Skip to comments.Lancaster [CA] deputy polices up Iraq
Posted on 03/18/2008 12:48:43 PM PDT by BenLurkin
Los Angeles County Sheriff's Deputy Michael Walth wanted an adventure and something different, so he joined a group of International Police Advisors in Iraq to train Iraqi police officers on community policing. Training Iraqi police officers in a war zone is a job unlike any other mission he has taken and has significant differences from training deputies at the Lancaster Sheriff's Station.
"As much training as we received before going over there, it's still an eye-opener when (an explosive attack) happens right in front of you," Walth said.
Walth believes the challenges he encountered in Iraq will be useful to him as a sheriff's deputy.
"I have already received a lot of training and experiences that are going to be really helpful when I come back as a training officer here, because the obstacles of training over there are so much greater than the obstacles I thought I faced here," he said.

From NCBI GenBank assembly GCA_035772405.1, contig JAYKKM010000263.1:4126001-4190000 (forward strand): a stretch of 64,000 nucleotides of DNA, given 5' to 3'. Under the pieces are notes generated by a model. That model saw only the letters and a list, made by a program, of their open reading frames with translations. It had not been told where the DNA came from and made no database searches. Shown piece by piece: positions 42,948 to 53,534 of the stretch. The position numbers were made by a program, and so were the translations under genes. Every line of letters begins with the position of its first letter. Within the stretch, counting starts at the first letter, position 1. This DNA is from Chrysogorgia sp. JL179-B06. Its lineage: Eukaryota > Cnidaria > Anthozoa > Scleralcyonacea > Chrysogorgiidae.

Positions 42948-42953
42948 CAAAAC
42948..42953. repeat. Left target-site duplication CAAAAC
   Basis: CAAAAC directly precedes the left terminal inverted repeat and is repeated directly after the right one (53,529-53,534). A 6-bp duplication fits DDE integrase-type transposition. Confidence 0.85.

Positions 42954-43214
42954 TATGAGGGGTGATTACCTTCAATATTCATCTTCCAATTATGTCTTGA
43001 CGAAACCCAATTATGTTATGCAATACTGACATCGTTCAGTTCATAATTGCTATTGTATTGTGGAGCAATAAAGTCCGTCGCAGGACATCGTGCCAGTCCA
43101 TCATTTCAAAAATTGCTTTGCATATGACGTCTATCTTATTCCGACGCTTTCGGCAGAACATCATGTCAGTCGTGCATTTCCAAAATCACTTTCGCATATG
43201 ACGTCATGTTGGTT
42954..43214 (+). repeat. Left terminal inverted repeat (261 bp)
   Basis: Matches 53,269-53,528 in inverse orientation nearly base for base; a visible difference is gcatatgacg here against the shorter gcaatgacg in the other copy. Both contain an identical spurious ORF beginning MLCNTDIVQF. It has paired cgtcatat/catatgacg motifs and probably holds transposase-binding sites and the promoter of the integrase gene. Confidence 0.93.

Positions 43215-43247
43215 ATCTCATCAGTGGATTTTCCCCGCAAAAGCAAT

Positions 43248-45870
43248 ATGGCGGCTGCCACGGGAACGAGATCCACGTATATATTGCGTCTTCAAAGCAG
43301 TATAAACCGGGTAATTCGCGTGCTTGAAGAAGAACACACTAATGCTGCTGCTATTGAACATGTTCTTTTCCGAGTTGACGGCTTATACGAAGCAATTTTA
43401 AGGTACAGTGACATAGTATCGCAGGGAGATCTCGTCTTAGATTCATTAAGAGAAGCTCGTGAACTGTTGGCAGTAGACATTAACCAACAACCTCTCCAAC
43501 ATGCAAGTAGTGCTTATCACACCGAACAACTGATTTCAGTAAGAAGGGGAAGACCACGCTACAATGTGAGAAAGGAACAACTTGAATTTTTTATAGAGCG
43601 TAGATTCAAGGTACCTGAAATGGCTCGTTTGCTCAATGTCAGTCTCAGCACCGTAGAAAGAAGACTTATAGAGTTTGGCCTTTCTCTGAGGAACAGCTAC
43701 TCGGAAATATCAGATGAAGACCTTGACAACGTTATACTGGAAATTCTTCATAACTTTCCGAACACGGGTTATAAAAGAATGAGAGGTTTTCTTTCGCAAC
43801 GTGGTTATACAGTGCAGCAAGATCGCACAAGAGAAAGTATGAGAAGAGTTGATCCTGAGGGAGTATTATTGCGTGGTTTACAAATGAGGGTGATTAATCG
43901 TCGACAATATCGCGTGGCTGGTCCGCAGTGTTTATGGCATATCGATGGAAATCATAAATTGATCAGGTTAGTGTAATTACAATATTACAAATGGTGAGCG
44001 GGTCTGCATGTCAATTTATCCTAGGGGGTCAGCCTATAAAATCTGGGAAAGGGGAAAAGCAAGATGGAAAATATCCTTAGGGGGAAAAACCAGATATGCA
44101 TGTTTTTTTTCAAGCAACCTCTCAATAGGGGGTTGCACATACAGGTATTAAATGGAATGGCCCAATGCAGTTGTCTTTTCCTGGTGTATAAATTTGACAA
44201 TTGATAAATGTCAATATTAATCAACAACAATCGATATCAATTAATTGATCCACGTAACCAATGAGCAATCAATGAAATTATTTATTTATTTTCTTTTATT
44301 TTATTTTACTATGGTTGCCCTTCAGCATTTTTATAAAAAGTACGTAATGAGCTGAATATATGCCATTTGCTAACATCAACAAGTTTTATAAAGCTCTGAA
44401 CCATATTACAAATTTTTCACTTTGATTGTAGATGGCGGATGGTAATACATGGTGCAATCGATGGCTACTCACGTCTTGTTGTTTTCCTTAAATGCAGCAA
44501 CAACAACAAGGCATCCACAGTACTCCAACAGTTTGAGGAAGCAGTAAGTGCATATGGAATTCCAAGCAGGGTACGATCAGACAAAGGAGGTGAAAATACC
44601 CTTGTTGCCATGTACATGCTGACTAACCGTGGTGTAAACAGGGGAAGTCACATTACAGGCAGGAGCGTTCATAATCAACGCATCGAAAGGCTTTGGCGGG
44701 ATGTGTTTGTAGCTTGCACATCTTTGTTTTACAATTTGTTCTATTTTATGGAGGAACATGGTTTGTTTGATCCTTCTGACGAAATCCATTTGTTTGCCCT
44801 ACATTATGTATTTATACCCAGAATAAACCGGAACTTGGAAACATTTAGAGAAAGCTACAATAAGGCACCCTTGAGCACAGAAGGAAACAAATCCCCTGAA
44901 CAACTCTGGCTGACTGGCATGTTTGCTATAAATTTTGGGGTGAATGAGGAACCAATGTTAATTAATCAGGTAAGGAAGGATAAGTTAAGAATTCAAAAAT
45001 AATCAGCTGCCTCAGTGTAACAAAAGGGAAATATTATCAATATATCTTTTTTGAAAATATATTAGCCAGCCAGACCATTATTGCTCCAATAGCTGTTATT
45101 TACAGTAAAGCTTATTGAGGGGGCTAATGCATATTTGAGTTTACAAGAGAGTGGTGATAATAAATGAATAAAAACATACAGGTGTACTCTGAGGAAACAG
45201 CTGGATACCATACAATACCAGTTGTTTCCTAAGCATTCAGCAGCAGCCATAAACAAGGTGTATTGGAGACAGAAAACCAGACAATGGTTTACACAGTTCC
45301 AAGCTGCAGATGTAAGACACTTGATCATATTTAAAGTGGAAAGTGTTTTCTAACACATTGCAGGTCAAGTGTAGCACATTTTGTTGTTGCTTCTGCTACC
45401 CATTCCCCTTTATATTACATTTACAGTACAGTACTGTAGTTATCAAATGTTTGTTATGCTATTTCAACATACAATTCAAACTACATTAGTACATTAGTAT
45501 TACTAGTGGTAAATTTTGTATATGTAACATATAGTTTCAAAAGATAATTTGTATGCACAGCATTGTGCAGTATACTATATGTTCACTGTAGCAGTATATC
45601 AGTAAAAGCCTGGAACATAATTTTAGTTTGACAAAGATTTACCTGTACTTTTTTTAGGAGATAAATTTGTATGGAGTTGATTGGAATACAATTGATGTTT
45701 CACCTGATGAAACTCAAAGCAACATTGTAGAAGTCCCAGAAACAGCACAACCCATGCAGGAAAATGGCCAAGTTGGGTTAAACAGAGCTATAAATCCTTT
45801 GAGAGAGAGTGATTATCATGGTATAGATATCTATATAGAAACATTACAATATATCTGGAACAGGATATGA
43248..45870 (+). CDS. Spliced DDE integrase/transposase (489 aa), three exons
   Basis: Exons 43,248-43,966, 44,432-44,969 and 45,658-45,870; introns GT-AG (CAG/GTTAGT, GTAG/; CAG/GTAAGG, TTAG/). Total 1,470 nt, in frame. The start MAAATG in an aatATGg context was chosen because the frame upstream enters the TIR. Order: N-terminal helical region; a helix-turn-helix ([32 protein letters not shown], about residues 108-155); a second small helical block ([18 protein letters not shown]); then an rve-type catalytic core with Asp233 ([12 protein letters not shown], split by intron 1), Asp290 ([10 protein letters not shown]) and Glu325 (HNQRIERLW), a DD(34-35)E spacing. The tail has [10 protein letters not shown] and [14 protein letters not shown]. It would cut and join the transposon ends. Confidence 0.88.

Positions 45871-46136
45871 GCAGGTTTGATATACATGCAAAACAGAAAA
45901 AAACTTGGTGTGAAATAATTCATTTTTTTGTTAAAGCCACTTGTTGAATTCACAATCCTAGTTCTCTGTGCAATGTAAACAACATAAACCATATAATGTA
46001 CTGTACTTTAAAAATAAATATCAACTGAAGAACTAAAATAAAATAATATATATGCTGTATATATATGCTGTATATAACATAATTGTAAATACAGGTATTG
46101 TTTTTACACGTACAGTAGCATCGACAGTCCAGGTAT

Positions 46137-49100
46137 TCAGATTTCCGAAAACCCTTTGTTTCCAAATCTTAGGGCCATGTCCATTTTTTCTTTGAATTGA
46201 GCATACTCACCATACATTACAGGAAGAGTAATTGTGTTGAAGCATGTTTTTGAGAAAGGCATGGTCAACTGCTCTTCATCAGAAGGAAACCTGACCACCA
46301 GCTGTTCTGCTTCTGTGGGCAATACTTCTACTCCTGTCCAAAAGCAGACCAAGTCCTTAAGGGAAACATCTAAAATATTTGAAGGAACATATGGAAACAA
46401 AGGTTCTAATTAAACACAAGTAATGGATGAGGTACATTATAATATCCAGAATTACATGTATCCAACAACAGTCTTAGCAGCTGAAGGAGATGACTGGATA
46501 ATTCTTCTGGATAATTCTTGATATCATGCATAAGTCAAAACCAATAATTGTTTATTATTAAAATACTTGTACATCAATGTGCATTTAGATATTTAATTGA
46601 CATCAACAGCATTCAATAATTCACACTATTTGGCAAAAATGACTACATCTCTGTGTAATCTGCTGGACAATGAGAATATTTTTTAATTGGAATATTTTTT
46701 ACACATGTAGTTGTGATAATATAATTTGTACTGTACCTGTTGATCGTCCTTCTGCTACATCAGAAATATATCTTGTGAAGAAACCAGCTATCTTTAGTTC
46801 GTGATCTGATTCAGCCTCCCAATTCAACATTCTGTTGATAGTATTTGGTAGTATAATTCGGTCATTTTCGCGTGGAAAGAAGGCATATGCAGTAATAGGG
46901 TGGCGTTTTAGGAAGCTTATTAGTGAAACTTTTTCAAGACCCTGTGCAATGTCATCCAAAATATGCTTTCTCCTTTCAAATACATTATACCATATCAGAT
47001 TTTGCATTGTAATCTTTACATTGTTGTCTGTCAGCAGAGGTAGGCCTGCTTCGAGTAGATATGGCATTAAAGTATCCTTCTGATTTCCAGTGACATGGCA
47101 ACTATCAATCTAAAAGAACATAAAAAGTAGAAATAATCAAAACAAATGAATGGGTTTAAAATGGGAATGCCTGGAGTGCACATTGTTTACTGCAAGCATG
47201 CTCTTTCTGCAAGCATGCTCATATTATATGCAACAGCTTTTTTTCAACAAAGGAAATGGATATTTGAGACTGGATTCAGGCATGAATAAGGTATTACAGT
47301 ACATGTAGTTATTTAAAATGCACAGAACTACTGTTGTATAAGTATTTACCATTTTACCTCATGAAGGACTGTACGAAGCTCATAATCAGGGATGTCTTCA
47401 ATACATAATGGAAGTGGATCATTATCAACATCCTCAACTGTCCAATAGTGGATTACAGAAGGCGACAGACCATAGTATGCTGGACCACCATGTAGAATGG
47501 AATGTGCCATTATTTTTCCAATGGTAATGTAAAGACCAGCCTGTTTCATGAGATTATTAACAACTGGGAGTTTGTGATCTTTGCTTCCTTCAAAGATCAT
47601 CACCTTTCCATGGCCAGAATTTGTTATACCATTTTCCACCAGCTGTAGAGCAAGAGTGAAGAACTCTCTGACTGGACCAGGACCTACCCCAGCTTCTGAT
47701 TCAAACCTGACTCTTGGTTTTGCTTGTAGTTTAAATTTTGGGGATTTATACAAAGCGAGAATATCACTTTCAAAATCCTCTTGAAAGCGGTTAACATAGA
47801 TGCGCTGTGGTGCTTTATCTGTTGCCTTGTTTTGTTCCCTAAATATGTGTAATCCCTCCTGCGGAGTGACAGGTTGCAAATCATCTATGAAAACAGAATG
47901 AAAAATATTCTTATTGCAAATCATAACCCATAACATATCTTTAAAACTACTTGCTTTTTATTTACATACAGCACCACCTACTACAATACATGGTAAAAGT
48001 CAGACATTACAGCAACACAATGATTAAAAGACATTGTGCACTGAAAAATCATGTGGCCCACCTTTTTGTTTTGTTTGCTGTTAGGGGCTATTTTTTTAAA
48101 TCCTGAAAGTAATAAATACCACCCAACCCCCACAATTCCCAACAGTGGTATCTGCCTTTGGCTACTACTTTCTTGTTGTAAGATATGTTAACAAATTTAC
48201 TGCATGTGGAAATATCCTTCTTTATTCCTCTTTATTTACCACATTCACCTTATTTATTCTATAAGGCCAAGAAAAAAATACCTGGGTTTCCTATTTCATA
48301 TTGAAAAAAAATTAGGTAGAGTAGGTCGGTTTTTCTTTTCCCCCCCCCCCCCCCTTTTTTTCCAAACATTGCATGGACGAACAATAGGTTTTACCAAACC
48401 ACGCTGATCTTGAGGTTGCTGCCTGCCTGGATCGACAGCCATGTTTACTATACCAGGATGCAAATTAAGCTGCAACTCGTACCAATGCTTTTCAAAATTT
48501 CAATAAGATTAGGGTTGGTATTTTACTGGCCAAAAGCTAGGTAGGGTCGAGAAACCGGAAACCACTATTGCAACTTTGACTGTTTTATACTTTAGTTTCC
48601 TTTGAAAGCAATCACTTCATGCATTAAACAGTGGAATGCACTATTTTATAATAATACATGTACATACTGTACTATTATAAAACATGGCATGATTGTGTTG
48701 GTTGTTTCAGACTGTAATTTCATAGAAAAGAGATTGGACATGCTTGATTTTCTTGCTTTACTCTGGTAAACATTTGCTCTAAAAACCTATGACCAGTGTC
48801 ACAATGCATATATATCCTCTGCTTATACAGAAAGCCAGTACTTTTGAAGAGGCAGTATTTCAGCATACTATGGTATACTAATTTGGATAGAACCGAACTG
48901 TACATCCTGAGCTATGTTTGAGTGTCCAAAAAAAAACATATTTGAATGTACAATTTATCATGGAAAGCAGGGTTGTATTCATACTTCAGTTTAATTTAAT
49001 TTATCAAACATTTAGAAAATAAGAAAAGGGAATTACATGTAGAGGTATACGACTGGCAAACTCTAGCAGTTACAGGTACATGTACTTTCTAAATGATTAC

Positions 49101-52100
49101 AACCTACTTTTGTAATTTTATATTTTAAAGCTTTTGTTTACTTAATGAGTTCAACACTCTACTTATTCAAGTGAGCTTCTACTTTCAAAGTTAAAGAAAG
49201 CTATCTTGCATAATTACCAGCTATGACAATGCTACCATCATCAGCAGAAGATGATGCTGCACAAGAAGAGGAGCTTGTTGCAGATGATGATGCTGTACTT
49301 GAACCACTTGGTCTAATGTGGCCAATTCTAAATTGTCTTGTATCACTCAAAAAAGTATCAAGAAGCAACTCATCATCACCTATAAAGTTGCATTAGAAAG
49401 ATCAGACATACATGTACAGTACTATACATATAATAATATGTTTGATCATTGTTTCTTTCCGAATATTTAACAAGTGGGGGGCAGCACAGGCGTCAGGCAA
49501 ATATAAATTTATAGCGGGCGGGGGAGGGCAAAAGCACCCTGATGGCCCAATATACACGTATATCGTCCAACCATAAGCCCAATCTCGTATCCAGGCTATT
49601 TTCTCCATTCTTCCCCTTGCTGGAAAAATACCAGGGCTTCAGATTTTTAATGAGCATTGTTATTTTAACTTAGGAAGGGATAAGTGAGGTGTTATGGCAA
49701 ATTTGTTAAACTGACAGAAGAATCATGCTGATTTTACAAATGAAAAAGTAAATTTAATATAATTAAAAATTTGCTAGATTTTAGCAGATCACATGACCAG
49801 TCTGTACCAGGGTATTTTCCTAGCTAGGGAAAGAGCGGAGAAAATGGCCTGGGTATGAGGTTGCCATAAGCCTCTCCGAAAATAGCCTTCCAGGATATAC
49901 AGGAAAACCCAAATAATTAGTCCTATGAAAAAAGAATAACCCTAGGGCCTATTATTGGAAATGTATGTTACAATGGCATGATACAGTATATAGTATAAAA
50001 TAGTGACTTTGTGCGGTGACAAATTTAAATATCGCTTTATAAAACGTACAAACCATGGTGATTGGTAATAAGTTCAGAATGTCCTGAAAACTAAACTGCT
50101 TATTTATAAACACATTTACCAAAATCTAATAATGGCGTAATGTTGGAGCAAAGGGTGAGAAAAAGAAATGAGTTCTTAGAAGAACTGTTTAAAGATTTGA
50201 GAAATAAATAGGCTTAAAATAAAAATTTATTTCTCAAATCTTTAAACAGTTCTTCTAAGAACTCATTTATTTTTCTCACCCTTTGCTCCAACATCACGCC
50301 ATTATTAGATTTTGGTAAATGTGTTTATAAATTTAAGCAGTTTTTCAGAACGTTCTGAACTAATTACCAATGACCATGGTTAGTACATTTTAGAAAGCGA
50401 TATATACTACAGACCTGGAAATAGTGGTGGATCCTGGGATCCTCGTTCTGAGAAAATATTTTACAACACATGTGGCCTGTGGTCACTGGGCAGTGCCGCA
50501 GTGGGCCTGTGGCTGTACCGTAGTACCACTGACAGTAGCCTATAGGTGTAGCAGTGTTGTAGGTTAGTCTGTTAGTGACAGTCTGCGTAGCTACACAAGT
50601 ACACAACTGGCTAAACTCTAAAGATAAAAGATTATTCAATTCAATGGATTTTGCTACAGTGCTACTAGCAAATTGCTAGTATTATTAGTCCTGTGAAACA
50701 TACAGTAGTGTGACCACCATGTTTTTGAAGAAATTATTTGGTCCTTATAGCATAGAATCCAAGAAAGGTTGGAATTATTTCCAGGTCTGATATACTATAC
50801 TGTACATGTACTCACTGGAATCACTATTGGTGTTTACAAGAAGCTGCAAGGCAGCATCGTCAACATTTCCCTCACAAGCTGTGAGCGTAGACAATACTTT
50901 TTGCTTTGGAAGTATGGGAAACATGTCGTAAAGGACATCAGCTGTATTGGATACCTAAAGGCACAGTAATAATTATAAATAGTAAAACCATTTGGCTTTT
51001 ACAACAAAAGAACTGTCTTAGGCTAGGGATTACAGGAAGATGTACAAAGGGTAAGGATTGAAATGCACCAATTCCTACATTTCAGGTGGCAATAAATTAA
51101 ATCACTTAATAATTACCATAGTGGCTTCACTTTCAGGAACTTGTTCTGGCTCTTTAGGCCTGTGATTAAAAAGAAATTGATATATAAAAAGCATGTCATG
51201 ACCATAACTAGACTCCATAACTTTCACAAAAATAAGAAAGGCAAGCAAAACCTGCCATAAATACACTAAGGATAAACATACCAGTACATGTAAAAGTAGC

"Now these things don't even seem to be problematic compared to over there, where you are working with an interpreter and wondering whether the interpreter is actually conveying the thoughts you want to have translated," he said. "Because of that it's going to help me a lot when I come back."
A friend who is an Iraqi told Walth about his personal experience with training Iraqi police officers. Interested in doing the same, Walth, 44, looked into the requirements needed to become a training officer with U.S. State Department in Iraq.
"I wanted to something adventurous," Walth said. "The more I investigated it, the more interested I became."
The State Department recruits officers for various contractors providing different policing services.
On leave for a year from the Los Angeles County Sheriff's Department, Walth joined an organization that conducts field training for Iraqi police officers.
(Excerpt) Read more at avpress.com ...
The Los Angeles County Sheriff’s Department is without a doubt the finest law enforcement agency in the nation.
Typical response from a con. Parole or probation?
Who do you think you're talking to?
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